How you view this budget depends almost entirely on how you view Obama’s overall fiscal strategy. Is he maintaining the “high ground” on the budget, or making unilateral concessions to an opposition that is just going to pocket them without making any of their own? And is this budget connected to the forced fiscal negotiations that might occur in May or June if House Republicans decide to make a play on a new debt limit increase, despite warnings from the business community not to do so?
In any event, there’s zero that is self-executing about this budget, so it will mostly just represent another maneuver in a budgetary chess game that now seems increasingly disconnected from the economy.
By: Ed Kilgore, Contributing Writer, Washington Monthly Political Animal, April 5, 2013
America’s social safety net, such as it is, has recently come under some scrutiny. Chana Joffe-Walt’s in-depth exploration of the increase in people getting Social Security Disability benefits at NPR got many listeners buzzing. Then in The Wall Street Journal, Damian Paletta and Caroline Porter looked at the increase in the use of food stamps, called SNAP. All three journalists look at the increasing dependence on these programs and come away puzzled: Why are so many people now getting disability and food stamp payments?
The answer is two-fold. Recent trends give us the first part of the explanation. Yes, as Paletta and Porter note, the economy is recovering and the unemployment rate is falling. But, as they recognize, the poverty rate is also rising. And therein lies the rub: people are getting jobs but staying poor. The available jobs are increasingly low-wage and don’t pay enough to live off of. And the big profits in the private sector haven’t led to an increase in wages.
GDP and employment may be doing well, but that hasn’t done much for those at the bottom of the totem pole. As the WSJ article points out, 48.5 million people were living in poverty in 2011, up from 37.3 million in 2007, a 30 percent increase. This is despite an unemployment rate that’s fallen off its peak. Some of the fall in the unemployment rate has been driven by people simply giving up on looking for a job altogether. But those who do get jobs are likely trading their once middle-class employment for low-wage work. The National Employment Law Project has found that mid-wage jobs have been wiped out during the recovery in favor of low-wage work: low paying jobs grew nearly three times as fast as mid-wage or high-wage work.
But there’s a deeper explanation that goes beyond the current economic picture. Aren’t there other programs for the increasing ranks of people living in poverty to turn to? Unfortunately, we’ve worked hard to weaken key parts of the safety net by changing how programs operate and then cutting back on their funds. Consequently, the number of people who are reached by programs for the poor has shrunk. But when you take away someone’s lifeline, they don’t stop needing it. So they either suffer hardship or find support elsewhere. What disability insurance and SNAP have in common is that they are fully funded by the federal government, which also can set the eligibility requirements. While states narrow eligibility requirements for TANF or unemployment insurance, the federal government can leave them (relatively) more open for SNAP and disability. That leaves them absorbing those who we’ve thrown off the rolls of other programs.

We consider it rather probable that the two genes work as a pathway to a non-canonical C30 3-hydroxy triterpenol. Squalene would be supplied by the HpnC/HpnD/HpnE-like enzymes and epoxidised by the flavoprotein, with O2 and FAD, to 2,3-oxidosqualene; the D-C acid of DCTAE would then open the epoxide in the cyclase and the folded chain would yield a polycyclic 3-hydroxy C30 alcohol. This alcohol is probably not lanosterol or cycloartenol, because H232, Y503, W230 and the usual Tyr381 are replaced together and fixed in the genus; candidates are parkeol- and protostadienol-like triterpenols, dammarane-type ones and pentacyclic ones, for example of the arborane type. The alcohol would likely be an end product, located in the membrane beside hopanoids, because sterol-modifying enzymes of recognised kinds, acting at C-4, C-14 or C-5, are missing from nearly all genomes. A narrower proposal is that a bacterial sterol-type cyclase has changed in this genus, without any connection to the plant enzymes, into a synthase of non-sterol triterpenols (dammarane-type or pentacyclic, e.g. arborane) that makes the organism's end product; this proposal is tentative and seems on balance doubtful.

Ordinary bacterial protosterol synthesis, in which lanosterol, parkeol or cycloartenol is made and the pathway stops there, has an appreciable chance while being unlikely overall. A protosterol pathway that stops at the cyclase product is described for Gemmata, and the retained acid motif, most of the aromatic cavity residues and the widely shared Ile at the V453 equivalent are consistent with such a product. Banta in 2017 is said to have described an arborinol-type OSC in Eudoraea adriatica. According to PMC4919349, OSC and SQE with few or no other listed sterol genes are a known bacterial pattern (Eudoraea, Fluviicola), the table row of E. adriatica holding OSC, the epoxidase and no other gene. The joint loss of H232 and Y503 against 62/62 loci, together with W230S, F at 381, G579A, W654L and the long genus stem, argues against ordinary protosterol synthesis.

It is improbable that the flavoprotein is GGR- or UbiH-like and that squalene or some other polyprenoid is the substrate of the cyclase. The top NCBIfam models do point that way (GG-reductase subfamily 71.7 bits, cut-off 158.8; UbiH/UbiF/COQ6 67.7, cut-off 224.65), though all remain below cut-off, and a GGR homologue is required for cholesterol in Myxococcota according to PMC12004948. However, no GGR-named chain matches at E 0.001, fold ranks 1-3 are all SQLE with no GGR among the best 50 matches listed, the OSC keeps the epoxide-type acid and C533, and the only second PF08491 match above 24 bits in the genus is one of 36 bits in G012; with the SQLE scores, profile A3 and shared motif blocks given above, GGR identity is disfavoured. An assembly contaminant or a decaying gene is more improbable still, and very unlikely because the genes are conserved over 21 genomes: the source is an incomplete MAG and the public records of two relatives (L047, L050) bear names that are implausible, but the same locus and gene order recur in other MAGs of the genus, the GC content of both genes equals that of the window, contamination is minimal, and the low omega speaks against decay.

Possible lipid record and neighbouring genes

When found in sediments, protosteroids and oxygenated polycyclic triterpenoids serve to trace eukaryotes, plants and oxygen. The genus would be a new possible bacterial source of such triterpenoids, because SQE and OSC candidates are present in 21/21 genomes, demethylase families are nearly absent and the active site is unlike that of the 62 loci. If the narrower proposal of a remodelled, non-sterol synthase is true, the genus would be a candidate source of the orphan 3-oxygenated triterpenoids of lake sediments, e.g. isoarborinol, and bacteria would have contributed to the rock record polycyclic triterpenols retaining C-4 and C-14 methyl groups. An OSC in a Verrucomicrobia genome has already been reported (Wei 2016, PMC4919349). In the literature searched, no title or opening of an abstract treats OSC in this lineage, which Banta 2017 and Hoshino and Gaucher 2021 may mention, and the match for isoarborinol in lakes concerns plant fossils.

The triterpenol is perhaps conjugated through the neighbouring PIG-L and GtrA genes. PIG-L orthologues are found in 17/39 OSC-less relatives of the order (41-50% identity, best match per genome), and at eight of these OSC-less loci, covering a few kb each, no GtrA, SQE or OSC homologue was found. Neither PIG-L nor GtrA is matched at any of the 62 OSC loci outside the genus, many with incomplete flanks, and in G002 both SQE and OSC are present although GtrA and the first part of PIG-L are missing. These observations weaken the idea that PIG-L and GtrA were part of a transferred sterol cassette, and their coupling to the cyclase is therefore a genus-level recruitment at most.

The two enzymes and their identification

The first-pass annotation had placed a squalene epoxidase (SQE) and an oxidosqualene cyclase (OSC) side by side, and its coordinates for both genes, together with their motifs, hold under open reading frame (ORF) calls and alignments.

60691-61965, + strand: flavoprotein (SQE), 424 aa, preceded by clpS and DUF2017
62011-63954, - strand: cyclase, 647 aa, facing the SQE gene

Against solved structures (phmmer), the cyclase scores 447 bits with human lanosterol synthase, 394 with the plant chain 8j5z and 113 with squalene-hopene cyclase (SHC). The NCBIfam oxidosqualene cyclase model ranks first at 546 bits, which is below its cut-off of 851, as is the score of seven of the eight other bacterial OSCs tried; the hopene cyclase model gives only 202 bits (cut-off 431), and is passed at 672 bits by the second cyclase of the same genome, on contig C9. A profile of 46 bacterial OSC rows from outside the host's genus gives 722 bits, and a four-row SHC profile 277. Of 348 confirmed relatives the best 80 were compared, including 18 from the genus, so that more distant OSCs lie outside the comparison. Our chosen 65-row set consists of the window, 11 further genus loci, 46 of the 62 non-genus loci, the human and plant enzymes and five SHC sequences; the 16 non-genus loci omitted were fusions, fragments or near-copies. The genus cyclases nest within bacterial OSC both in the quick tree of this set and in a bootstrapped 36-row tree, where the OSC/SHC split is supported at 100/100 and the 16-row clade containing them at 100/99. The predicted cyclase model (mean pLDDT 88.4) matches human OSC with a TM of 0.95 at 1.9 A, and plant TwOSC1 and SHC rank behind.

Unemployment benefits are where people turn when they lose a job and need income before getting back to work. But due to financial and other requirements, not everyone gets them. These rules vary state by state because states are in almost complete control of the program. They set their own eligibility criteria and benefit levels and are also on the hook for most of the funding for the benefits. As the Center on Budget and Policy Priorities reports, “the federal government pays only the administrative costs.”
Unlike the federal government, states have constrained budgets and most have to balance them every year. These budgets get even tighter in a downturn when people lose jobs and don’t pay as many taxes. On top of this, states have come under pressure from business groups during good times to reduce the contributions they use to fund the reserves that pay out benefits when things get tough. So many states have cut back on eligibility or benefit amounts in light of squeezed budgets. Given all of these constraints on benefits, only about a third of all children whose parents were unemployed at some point in 2011 actually saw any unemployment insurance benefits. They were far more likely to get food stamps, a federally funded program that has been much more flexible.
This story of a program financed by states that hasn’t been able to keep up with demand is the same for another huge part of the social safety net: welfare, or as we know it now, TANF. TANF does even worse than unemployment: it reaches just 10 percent of the children living with unemployment parents and just 30 percent of those living in poverty. The program used to do much better: in 1996, it reached 70 percent of poor families with children living in poverty. But then there was welfare reform, which turned it from a cost-sharing model to a block grant. Rather than the federal government sharing the costs with the states, the government now doles out lumps of cash and mostly lets states handle the rest. That lump doesn’t change even if the economy gets worse and more people live in poverty—and hasn’t even kept up with inflation.